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  • Writer's pictureKaren Brittingham-Edmond

The Struggle for Black College Student Funding: Overcoming Systemic Obstacles In The Dept Of Education

June 30, 2024

Report/Soapbox

Front Page Photo Source Library of Congress Wix Unsplash Media


Picture Source: Wix Media


Dear readers, it is crucial to recognize the importance of providing long-term disenfranchised Black American students with access to funding as they pursue a bachelor's degree. This is essential for ensuring equitable educational opportunities, particularly for those who are descendants of chattel slavery survivors and have endured historic and ongoing domestic terrorism, as well as the impact of black codes, also known as Jim Crow Laws. Access to student financial resources can help alleviate financial barriers, enabling these students to afford higher education at both home-based universities and out-of-state institutions, thus increasing their chances of successfully completing a bachelor's degree. Such access can help level the playing field for student populations with a history of disenfranchisement due to seemingly harmless policies or initiatives that ultimately prove detrimental. https://uncf.org/the-latest/african-americans-and-college-education-by-the-numbers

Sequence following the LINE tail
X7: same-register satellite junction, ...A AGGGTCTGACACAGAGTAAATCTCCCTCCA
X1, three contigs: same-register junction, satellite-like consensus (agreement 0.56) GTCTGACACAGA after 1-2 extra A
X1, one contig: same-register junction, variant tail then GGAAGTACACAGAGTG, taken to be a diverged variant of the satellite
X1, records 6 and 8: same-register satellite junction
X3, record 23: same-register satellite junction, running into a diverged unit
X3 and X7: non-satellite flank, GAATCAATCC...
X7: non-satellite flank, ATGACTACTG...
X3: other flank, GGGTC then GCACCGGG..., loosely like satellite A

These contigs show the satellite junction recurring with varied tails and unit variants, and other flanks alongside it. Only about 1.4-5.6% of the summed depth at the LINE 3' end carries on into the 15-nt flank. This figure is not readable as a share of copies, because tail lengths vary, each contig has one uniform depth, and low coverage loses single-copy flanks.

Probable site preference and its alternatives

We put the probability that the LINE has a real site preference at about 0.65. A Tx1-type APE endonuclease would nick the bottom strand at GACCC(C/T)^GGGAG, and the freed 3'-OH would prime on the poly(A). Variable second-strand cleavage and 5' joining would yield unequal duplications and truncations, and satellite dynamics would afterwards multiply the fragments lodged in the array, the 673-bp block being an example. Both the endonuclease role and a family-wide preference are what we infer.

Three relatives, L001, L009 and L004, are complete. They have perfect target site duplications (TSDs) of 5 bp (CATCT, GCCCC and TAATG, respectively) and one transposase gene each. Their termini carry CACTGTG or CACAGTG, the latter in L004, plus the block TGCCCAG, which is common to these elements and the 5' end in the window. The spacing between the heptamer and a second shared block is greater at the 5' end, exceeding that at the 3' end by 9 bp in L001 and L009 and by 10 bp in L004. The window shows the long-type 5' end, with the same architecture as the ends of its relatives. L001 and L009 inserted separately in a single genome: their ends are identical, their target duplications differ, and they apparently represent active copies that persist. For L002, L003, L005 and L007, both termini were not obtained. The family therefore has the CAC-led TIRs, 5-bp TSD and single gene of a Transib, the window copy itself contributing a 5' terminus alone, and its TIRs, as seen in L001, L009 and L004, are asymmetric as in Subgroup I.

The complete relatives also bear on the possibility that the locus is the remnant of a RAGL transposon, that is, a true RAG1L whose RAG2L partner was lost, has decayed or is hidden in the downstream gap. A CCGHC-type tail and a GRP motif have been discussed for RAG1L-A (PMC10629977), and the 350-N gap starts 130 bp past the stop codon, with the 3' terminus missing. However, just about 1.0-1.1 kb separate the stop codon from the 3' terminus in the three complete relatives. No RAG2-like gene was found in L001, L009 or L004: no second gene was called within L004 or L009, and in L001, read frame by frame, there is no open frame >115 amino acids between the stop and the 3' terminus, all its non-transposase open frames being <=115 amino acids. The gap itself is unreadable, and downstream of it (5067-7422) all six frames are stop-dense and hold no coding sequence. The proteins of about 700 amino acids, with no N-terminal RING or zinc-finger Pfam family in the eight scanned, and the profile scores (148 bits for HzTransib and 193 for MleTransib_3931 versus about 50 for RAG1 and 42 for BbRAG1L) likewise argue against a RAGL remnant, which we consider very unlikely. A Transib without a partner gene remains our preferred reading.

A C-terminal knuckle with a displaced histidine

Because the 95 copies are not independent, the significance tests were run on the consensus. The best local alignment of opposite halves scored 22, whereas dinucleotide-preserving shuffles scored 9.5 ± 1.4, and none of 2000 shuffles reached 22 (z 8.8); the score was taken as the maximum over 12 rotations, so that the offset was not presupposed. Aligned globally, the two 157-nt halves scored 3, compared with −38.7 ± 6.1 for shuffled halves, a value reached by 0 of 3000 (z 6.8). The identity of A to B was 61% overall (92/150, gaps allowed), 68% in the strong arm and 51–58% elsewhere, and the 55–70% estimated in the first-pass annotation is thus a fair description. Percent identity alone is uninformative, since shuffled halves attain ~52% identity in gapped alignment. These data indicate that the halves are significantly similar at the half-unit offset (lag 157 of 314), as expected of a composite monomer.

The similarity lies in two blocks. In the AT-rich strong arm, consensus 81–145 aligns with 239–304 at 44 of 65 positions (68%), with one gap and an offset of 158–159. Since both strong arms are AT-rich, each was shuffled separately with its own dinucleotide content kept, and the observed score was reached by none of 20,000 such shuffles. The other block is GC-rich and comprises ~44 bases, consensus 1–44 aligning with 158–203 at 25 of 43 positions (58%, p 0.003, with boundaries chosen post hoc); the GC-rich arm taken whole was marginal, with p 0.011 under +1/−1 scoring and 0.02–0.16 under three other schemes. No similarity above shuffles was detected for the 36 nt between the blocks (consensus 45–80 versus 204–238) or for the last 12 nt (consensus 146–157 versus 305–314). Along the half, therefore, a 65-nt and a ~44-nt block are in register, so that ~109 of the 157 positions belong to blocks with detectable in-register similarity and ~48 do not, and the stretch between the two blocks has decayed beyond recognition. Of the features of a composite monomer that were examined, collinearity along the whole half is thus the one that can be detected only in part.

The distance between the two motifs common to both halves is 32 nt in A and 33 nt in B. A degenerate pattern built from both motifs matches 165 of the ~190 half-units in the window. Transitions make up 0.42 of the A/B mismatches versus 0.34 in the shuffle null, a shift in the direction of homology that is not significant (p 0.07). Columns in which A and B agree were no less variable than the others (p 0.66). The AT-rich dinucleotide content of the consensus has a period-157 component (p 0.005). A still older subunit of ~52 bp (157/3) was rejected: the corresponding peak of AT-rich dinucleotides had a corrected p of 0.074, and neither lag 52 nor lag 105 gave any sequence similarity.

For a long time, Black North American students have faced systematic obstacles in obtaining their degrees, not due to their academic performance, but because, when they are in their final courses with one more semester to graduate, financial aid departments withhold all funding, claiming that funds were designated only for books and tuition, rather than the well-being of the student. Some students are able to overcome this setback and complete their degrees because they have a stable living situation, while others, facing rising living and housing costs resulting from gentrification, find themselves living in their cars.

Picture Source: Wix Media